Reports of dead or sick moose throughout the state are generally investigated by the North Dakota Game and Fish Department (NDGF) wardens or biologists. When possible, either the entire carcass is submitted to the North Dakota State University Veterinary Diagnostic Laboratory (VDL) for necropsy, or samples of major organs and serum are collected for submission. This study is a retrospective review of necropsy reports during a period of time when the NDGF did not have a veterinarian on staff. The results of 4 necropsies performed from 1991-2006 suggested that grain overload and its secondary effects could have contributed to moose mortality in North Dakota.
Each of the 4 cases discussed below had the entire carcass delivered to the VDL for necropsy. Grain overload was not considered a differential diagnosis by NDGF employees until results of the necropsies were received. Consequently, some pertinent information is lacking, and/or difficult to interpret from the available necropsy reports. Further, the VDL may have believed that certain animals were from captive facilities.
The locations of the 4 moose mortalities were in areas of substantial corn and wheat production (Fig. 1 and 2). All 4 cases died or exhibited clinical signs during the North Dakota deer archery season which runs from September-January. Case C was euthanized during the deer gun season which occurs for 17 days in November. No hunting-related injuries were documented in any case.
In October 1991 the NDGF received multiple calls regarding case A, an adult cow moose east of Sheldon. Reports indicated that case Ahad extremely overgrown hooves (both the fore and hind limbs). On 21 October it was decided to euthanize case A as her travel had become extremely restricted. Case A was in good body condition and was presented at necropsy with moderate postmortem change. It was noted that all 4 digits had severely overgrown claws. The hind and front claws were approximately 30 cm and 20 cm longer than normal, respectively. Separation of the dorsal claw from the third phalanx was evident and proliferation of fibrous tissue was present. Severe congestion was noted around the distal aspects of the third phalanx in both front digits. The rumen and reticulum contained large amounts of grain that appeared to be com. Hyperemia of the ruminal mucosa was noted. Serology for both bluetongue and epizootic hemorrhagic disease virus was negative. A diagnosis of severe, chronic laminitis in all 4 feet was made. The pathologist commented that this lesion in domestic livestock is often associated with an episode of acute grain engorgement, most likely occuring several months earlier. Other causes of chronic laminitis, however, could not be ruled out.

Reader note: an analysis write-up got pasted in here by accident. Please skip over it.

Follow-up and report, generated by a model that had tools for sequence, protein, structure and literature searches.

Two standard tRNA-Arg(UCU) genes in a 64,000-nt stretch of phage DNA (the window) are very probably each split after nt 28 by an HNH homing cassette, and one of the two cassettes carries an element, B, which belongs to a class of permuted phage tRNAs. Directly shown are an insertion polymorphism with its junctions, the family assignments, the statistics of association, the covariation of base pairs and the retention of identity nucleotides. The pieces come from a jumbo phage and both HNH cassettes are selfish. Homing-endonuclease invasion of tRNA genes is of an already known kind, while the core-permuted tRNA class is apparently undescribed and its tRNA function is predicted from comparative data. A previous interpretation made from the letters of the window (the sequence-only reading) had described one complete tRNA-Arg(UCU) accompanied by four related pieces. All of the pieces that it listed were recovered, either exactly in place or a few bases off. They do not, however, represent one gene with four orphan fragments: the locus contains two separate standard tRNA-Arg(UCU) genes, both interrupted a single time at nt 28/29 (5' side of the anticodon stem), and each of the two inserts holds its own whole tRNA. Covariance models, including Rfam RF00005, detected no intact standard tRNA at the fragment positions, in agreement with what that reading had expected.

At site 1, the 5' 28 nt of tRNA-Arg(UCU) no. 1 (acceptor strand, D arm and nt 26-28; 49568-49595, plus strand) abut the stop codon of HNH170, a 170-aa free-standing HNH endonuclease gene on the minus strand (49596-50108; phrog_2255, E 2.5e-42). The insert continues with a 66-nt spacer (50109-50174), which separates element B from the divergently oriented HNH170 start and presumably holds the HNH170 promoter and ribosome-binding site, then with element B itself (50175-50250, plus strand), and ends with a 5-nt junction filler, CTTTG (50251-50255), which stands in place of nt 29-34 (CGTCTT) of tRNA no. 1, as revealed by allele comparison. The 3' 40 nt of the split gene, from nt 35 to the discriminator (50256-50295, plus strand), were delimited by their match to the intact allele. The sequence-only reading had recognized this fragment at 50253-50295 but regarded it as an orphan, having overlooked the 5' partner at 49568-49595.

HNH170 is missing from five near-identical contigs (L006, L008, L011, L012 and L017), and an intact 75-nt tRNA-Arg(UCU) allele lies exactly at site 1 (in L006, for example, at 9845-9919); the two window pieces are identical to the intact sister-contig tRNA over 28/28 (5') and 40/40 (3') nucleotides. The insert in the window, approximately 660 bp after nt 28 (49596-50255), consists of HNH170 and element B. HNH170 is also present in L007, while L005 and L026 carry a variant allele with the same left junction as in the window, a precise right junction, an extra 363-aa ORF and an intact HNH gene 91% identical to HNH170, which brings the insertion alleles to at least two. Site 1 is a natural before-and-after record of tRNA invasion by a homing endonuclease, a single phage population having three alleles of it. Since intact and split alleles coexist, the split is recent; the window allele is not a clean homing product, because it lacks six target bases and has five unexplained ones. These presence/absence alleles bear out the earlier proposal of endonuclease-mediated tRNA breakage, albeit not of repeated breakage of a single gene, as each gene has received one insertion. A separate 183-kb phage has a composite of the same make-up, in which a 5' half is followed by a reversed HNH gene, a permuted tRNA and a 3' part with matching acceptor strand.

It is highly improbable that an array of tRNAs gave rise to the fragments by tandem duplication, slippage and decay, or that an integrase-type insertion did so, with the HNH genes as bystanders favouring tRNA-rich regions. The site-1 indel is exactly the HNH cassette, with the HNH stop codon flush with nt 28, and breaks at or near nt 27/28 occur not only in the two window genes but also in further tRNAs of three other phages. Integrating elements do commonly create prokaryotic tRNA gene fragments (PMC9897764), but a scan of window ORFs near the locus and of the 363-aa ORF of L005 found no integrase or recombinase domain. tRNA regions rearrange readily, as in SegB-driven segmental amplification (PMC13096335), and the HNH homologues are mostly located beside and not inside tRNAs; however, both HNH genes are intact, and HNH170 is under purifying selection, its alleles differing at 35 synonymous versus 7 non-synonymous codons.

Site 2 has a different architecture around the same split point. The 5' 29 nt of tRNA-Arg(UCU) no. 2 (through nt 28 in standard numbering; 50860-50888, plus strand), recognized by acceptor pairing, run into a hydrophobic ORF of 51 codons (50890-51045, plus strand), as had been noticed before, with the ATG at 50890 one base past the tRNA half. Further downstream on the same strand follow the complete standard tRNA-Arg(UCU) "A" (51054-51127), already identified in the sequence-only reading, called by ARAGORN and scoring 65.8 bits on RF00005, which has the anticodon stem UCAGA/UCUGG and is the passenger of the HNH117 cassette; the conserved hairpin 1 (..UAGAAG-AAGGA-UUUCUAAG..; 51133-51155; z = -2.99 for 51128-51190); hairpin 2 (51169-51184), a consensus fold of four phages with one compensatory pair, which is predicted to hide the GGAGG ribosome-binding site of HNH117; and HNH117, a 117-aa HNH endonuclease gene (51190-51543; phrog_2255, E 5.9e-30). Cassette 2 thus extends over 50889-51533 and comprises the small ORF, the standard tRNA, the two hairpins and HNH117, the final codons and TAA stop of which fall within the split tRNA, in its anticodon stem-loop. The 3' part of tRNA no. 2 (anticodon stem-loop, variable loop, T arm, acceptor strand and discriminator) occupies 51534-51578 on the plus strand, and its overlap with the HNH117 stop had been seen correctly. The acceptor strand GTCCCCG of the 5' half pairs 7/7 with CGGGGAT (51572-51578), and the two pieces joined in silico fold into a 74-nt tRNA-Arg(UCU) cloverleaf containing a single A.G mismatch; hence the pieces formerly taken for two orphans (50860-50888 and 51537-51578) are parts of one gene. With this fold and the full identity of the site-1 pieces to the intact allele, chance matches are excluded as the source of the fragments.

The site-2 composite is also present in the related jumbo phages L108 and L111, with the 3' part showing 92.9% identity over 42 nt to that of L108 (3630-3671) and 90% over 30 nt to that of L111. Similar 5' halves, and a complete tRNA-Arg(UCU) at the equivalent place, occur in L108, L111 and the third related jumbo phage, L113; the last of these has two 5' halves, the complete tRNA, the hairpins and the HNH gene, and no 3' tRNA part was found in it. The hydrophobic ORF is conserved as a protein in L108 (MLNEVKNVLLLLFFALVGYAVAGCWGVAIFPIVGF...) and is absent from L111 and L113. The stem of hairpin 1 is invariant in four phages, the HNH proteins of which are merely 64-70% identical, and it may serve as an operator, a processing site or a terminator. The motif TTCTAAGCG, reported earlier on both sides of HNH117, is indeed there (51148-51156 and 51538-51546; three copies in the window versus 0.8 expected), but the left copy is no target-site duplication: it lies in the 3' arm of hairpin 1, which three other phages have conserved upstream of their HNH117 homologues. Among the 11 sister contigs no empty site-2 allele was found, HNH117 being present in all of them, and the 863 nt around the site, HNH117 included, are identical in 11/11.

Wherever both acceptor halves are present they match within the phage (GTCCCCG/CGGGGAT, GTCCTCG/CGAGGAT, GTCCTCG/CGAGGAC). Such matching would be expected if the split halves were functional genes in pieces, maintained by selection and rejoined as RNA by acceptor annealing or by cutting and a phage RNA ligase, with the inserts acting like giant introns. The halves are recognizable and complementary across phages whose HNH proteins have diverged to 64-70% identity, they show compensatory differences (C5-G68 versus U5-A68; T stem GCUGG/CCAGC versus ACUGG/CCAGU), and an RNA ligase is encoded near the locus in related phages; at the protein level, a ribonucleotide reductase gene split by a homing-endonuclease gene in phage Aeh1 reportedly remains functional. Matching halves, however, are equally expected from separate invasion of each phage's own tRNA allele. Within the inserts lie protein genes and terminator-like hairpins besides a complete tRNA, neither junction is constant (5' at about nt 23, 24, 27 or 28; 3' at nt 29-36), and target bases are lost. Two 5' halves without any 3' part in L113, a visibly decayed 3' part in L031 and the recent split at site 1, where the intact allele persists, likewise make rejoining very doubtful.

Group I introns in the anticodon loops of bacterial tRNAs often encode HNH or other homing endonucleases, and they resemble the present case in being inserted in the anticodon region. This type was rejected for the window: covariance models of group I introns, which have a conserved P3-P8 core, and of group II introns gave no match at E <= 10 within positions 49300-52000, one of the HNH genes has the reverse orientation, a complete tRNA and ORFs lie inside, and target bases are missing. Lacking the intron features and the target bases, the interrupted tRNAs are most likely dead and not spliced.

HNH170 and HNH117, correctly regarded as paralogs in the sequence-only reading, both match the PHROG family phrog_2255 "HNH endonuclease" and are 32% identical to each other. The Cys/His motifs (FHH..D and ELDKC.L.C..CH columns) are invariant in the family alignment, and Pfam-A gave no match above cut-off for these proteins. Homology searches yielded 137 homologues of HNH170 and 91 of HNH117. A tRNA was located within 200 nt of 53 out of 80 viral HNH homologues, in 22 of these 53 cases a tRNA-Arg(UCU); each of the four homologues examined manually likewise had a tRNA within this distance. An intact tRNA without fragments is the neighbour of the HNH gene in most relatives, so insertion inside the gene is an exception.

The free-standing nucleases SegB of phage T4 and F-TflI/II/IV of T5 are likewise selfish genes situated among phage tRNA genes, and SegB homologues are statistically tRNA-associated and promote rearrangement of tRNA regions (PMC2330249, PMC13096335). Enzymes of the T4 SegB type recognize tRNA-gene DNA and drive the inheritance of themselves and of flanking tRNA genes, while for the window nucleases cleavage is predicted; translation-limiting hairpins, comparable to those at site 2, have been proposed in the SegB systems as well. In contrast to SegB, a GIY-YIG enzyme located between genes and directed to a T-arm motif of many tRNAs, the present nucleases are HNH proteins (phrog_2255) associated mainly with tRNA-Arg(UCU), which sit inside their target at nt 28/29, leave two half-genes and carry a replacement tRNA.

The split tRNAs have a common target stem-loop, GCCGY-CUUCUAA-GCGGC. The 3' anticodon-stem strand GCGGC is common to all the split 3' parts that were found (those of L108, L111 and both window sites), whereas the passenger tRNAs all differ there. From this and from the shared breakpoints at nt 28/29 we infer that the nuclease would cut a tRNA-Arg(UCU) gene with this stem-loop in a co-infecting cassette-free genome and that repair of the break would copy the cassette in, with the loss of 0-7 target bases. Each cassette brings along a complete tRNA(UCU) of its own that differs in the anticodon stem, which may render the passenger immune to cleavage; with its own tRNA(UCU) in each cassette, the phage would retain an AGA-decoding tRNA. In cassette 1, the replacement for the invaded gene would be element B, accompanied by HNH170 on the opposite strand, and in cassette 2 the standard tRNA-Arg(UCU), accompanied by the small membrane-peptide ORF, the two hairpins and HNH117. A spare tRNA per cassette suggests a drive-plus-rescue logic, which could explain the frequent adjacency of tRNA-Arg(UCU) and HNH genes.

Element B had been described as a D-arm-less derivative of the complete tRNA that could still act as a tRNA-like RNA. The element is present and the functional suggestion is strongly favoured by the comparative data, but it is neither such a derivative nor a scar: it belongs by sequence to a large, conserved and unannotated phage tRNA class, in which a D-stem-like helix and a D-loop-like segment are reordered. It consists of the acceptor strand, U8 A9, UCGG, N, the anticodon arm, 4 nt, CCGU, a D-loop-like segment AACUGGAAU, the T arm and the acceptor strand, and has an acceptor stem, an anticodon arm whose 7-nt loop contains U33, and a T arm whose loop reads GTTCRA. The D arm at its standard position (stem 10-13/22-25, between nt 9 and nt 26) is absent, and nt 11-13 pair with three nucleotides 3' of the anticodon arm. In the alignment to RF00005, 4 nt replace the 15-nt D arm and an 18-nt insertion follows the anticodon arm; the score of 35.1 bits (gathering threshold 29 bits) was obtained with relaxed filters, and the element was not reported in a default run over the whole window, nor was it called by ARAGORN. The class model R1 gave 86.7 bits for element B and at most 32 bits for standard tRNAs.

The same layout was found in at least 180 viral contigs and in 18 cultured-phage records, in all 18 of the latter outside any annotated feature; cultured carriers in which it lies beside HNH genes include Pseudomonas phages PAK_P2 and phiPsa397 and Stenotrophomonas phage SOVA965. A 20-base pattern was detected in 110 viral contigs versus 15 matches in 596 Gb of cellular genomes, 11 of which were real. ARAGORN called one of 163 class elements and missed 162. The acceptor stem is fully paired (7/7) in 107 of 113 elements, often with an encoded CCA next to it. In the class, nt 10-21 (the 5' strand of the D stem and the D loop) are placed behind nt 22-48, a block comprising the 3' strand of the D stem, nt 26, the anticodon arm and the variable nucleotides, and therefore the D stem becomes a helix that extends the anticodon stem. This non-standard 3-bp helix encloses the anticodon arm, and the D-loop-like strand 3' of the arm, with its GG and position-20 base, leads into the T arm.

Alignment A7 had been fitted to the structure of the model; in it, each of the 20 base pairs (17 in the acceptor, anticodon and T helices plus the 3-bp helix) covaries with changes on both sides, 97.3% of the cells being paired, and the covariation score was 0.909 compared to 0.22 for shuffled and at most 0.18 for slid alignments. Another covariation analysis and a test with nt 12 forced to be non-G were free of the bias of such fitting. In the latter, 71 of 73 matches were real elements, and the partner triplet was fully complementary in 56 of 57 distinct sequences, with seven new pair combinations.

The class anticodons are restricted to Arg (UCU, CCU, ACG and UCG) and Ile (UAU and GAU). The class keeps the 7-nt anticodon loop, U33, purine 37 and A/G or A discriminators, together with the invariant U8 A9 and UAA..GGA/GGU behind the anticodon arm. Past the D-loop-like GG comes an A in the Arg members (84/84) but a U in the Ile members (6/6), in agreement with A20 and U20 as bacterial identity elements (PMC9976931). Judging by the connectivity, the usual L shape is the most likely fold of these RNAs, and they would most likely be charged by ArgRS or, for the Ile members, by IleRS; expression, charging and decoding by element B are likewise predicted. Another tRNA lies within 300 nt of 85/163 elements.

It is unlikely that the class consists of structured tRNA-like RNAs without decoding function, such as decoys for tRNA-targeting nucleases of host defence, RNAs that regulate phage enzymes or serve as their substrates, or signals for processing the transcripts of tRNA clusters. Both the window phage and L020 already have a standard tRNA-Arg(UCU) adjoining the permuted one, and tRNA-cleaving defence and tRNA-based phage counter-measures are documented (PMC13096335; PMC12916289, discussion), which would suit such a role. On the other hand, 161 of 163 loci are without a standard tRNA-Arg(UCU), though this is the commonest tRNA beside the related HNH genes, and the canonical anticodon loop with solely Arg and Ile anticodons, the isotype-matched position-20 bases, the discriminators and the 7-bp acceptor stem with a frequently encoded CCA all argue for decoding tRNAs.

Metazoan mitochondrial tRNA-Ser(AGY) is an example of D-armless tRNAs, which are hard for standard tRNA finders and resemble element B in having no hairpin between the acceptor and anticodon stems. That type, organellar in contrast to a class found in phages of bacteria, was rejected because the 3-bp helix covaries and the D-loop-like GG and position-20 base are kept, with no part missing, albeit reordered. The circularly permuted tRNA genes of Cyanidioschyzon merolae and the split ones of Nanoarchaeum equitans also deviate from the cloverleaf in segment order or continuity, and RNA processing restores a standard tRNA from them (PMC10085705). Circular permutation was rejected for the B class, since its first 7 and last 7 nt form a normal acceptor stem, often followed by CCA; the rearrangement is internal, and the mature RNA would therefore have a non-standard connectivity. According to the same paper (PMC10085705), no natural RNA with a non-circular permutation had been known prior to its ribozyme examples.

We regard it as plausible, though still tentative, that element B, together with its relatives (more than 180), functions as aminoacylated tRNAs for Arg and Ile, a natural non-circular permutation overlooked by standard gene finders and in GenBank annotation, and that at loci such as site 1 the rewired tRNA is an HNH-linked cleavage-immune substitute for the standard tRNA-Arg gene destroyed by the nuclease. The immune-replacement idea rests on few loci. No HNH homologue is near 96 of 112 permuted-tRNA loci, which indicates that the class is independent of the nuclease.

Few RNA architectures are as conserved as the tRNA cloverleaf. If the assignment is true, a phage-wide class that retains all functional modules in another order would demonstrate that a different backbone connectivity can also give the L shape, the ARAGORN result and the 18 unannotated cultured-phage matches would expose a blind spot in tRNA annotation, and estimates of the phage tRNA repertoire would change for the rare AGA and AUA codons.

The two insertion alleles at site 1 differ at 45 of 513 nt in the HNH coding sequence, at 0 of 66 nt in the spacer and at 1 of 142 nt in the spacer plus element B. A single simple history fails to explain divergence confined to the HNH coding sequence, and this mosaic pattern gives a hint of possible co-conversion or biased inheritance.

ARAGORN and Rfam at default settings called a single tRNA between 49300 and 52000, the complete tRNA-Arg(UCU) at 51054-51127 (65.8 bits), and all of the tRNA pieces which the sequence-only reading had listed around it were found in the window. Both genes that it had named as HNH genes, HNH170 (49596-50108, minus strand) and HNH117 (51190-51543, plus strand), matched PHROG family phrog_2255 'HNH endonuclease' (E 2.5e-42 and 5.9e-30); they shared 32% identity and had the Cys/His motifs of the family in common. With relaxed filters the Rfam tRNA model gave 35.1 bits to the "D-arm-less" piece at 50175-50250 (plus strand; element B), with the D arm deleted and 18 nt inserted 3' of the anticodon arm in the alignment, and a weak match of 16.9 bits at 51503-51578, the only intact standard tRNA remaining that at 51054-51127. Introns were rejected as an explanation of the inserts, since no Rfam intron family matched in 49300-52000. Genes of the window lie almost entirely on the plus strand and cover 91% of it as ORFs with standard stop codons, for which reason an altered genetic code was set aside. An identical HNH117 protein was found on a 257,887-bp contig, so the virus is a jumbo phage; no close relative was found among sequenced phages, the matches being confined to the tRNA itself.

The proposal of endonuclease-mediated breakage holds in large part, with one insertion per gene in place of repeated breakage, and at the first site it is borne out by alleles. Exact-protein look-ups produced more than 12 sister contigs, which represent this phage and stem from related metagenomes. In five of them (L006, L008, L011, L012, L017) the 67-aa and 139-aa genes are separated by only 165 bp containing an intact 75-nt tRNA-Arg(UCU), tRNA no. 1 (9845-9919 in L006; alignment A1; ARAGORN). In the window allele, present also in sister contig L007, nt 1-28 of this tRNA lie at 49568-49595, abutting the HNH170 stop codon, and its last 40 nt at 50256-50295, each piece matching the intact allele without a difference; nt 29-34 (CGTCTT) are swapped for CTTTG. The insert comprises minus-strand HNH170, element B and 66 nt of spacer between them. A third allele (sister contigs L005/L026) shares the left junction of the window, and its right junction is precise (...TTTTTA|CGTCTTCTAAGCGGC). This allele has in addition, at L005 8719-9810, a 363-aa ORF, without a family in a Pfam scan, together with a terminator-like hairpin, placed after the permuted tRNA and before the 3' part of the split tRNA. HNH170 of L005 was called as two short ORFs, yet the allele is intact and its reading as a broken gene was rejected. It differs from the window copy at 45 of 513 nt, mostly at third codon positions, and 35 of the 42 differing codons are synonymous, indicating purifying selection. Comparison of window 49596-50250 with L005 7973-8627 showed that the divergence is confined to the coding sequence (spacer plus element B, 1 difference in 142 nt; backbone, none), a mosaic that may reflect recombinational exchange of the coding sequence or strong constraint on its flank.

On 6 December 2002 case B, a young bull moose, was found dead near Kelso. The reporting party stated that the moose had been seen in that area for a few days. There were no apparent gunshot wounds. Case B was in good body condition at necropsy. There were 1-2 liters of free serosanguinous fluid within the abdomen. The rumen contents included grain of unrecorded type and grass. Several feet of the jejunum were flaccid and contained a thick bloody fluid and there was extensively petechiated hemorrhage in the mesentery in this area. Histologically, sections of intestine contained multifocal congestion in mucosa and submucosa with occasional mucosal hemorrhage. Mild lymphoplasmacytic inflammation was found in the mucosa. Clostridium perfringens was isolated from the intestine. The pathologist indicated that these findings were consistent with a diagnosis of enterotoxemia.